‘Gigafactories’ and scrappage schemes proposed by Miliband as part of an electric vehicle revolution

By Will McMyn

Ed Miliband, Shadow Business, Energy and Industrial Strategy Secretary, gave a speech last week, largely on electric vehicles and what a Labour government would do to stimulate their uptake. The specifics of the speech rested on the more general underlying point that, according to Miliband, the Conservatives don’t recognise “the central role of government” in addressing climate change and capturing the benefits of a flourishing green economy.

Miliband cited the Government’s move away from its industrial strategy and the recent disbanding of the Industrial Strategy Council as evidence that, in his view, the Conservatives are slipping back to their traditional orthodoxy that market economics will solve all challenges. Ed, unsurprisingly, rejected that view of the world, saying that only government intervention can deliver the speed and scale of action necessary to achieve net zero and to enable the benefits of a green economy to be shared fairly.

Miliband set out some new policies, explaining that a Labour government would invest in three additional gigafactories, beyond the one that the Conservative government is already supporting. If the term “gigafactory” leaves you scratching your head, it just means a really big factory, particularly one which produces batteries for electric vehicles. The term was coined by Elon Musk and Tesla, and UK politicians of all hues – eager to associate themselves with Tesla’s success – have adopted it as they paint visions of the UK as a potential global leader in electric vehicles and other green technology. Incidentally, Elon Musk opted to put his first European gigafactory in Germany, ruling out the UK at the time because of “Brexit uncertainty”, though apparently, he has since visited and is now considering a site in Somerset.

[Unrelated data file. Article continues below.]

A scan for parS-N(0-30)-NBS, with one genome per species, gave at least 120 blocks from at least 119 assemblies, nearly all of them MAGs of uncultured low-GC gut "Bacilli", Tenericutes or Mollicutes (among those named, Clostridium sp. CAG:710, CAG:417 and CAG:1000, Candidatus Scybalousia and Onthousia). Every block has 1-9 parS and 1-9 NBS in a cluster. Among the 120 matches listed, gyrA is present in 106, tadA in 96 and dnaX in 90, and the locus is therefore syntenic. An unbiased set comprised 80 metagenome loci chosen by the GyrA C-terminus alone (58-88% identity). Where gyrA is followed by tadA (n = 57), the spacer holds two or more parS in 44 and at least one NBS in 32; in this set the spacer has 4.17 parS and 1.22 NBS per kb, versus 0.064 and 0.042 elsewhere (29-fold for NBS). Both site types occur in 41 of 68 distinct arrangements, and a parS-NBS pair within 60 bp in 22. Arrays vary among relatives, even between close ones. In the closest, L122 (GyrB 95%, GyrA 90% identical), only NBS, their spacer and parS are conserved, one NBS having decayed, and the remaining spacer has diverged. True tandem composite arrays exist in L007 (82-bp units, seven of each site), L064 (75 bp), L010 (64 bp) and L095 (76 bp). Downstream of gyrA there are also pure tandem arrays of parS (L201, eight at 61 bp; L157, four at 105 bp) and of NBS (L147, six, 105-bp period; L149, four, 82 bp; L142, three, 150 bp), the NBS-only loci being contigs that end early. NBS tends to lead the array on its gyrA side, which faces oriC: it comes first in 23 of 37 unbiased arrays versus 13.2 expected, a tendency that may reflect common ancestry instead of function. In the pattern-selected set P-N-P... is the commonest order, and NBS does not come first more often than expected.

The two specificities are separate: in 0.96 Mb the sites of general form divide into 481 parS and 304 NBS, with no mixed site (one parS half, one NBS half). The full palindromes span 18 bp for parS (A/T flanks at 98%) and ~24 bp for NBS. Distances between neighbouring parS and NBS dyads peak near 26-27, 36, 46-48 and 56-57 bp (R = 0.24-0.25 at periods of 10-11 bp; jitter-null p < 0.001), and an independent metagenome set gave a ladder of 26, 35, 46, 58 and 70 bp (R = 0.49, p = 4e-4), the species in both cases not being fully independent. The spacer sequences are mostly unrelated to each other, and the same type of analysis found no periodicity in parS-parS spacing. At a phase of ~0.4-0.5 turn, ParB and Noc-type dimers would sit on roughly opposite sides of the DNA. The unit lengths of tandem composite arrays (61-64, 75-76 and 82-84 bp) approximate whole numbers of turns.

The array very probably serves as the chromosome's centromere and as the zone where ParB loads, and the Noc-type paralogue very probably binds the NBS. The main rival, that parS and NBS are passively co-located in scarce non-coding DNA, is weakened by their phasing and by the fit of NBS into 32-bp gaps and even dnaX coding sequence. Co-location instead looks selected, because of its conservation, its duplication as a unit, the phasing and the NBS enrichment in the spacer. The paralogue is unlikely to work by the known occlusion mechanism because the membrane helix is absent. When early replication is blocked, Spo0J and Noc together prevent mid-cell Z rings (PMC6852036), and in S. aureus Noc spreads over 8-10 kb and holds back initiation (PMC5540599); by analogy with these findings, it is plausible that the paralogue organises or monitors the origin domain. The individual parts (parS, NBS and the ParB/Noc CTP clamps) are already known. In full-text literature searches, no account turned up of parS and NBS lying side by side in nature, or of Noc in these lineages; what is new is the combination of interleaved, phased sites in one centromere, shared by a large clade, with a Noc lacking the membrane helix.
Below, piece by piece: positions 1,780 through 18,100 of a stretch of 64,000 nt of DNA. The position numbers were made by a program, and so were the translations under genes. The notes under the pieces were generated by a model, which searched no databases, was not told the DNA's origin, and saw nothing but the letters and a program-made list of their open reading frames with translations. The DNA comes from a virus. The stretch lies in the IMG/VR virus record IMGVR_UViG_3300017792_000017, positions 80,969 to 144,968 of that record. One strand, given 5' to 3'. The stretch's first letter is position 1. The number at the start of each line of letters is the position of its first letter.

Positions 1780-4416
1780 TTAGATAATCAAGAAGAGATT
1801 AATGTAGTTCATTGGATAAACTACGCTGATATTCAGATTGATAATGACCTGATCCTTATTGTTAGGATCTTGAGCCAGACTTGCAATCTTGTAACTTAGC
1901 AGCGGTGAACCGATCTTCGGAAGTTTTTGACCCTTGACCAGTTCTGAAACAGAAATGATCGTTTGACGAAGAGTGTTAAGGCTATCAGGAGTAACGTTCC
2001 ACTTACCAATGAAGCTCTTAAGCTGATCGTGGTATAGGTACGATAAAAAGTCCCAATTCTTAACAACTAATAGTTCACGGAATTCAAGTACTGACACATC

Miliband explained that, over the lifetime of a vehicle, an electric car is now more or less as cheap as a petrol or diesel one, but still has higher upfront costs which makes them unaffordable for lower income households. He cited an interesting stat: apparently you are four times more likely to drive an electric car if you live in the southeast than if you live in the northeast. To prevent “baking in” inequality to the transition to cleaner vehicles, Miliband proposed an interest free loan for purchasers of both new and second-hand electric cars to help households with lower incomes overcome the upfront cost. The idea is the loan can then be paid back from the savings made through lower running costs.

He also set out Labour’s plan for a scrappage scheme to encourage car owners to swap their existing petrol and diesel cars for electric ones, as well as ambitions for a much faster roll out of electric vehicle charging infrastructure across the country.

All told, Miliband said that Labour’s plans would amount to an “electric vehicle revolution” to boost the UK car industry and create jobs. His lofty rhetoric was somewhat undermined, however, by his admission on television on the morning of his speech that he doesn’t himself own an electric car. He didn’t much help matters with the comically weak assertion “I’ve definitely been in an electric car”.

Labour’s ambitions for electric cars are welcome and, hopefully, corresponding Labour policy will soon emerge for other modes of road transport – vans, buses and HGVs. It will be interesting to compare Labour’s announcements with the contents of the Government’s own Transport Decarbonisation Plan which is due to be published shortly. Watch this space.